Prof Philip Booth writes for the Catholic Times

So often when Catholics express a wish to help the poor, their emphasis is on the role they believe the government should play. By way of example, I recently received the annual message from a leading Catholic charity. About half the expensive, glossy leaflet was critiquing the various government spending cuts. It also made unreasonable claims about proposed schemes to require people receiving welfare benefits for three years to undertake some work for the community – echoing Archbishop Rowan Williams’ claims that such requirements would send people into a downward cycle of despair. Similarly, Cafod spends a rapidly growing amount of its budget on campaigning on climate change and for more government aid for the under-developed world – much of that aid is channelled through agencies such as Cafod of course.

Such charities do still stress individual responsibility to donate money and time. And, it has to be said, our Bishops are increasingly doing so. However, it is perfectly legitimate for two Catholics to take the same view on the supreme importance of charity whilst taking a different view on the role that the state should play in poverty relief. As such, charities should tread carefully. Catholic social teaching reserves these matters for prudential judgement and we are called to look at the evidence in coming to a view. Certain fundamental principles of Catholic social teaching can be applied but it is not wise for charities to divide their supporters by taking partial stances on such matters.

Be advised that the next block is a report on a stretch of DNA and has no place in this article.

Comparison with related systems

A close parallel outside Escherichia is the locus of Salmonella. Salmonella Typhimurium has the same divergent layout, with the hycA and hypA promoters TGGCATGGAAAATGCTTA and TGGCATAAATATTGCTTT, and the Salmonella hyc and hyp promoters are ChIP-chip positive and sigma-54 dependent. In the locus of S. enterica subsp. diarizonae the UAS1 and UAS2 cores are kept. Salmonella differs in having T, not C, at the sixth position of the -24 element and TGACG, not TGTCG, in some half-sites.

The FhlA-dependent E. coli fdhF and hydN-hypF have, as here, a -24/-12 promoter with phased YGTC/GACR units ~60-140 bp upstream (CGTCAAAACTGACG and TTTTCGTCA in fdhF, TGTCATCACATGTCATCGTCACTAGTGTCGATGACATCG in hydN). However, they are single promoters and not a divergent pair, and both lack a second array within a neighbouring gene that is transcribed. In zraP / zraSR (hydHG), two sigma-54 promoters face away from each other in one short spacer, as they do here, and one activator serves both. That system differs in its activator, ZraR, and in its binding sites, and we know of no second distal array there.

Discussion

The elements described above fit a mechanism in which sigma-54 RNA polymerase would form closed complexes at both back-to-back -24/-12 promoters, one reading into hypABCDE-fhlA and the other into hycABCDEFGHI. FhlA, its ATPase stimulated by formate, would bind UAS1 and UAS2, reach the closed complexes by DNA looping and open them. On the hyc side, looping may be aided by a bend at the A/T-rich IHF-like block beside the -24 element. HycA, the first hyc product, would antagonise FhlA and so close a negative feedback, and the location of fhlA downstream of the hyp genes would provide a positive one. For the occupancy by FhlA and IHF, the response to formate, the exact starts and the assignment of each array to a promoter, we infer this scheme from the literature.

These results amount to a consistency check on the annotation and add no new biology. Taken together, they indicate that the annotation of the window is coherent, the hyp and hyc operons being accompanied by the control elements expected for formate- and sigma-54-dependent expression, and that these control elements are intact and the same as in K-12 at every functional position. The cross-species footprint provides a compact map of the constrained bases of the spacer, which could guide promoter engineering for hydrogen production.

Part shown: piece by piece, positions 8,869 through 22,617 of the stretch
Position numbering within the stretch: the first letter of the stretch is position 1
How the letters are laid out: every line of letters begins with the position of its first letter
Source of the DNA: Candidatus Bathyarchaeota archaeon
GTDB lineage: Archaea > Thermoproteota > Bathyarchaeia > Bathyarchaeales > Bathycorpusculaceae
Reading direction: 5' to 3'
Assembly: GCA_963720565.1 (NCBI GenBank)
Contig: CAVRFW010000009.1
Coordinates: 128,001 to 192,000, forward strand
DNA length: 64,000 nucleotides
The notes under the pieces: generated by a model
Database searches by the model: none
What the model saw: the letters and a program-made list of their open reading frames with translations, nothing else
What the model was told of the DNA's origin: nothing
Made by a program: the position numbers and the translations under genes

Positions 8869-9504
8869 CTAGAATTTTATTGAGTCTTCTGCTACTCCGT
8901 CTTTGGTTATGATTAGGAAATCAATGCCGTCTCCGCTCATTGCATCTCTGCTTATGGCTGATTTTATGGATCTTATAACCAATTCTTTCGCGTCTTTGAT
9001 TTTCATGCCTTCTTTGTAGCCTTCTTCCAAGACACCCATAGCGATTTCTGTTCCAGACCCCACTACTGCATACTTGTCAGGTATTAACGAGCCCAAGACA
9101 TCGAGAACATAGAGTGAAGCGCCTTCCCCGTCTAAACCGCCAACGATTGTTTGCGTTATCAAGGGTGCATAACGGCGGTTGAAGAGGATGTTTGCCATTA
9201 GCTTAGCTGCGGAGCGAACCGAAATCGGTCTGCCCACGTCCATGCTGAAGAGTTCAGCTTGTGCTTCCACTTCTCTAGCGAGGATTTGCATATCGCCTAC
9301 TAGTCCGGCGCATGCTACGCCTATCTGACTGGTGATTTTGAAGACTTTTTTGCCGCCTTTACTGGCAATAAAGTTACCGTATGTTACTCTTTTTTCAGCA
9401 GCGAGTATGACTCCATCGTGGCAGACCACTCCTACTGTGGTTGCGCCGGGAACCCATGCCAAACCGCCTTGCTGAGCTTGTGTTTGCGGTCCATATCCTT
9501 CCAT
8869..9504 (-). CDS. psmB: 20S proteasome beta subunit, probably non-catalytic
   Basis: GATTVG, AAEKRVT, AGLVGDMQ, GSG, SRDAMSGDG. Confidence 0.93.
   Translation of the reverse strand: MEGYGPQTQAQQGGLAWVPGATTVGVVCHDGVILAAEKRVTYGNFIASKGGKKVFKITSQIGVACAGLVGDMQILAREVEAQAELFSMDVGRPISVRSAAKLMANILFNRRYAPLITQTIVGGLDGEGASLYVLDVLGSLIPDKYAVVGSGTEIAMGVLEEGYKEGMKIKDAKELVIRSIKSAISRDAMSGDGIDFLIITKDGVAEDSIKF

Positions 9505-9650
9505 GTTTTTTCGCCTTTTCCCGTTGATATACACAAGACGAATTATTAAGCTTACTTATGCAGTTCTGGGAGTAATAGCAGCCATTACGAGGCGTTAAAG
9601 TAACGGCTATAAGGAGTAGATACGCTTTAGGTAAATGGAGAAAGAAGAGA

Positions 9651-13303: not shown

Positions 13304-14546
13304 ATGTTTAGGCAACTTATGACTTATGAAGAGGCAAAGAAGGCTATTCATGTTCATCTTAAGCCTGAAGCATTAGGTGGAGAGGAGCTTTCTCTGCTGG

As it happens, there is a good case for taking an increasingly sceptical view of the success of the state in reducing poverty. The signs of the times do not favour the welfare state. This year, the government will spend over half of national income and problems of worklessness and family breakdown have often been encouraged by government welfare spending.

There is an alternative to government assistance for the poor. Solidarity, in Catholic social teaching is a virtue which involves a firm commitment to the good of all. This is not the same as income redistribution by the state. In Caritas in veritate Pope Benedict reiterated the message that: “Solidarity is first and foremost a sense of responsibility on the part of everyone with regard to everyone, and it cannot therefore be merely delegated to the State.” In his 2009 World Peace Day message he pointed out: “[I]t is timely to recall in particular the ‘preferential love for the poor’ in the light of the primacy of charity, which is attested throughout the Christian tradition, beginning with that of the early Church.”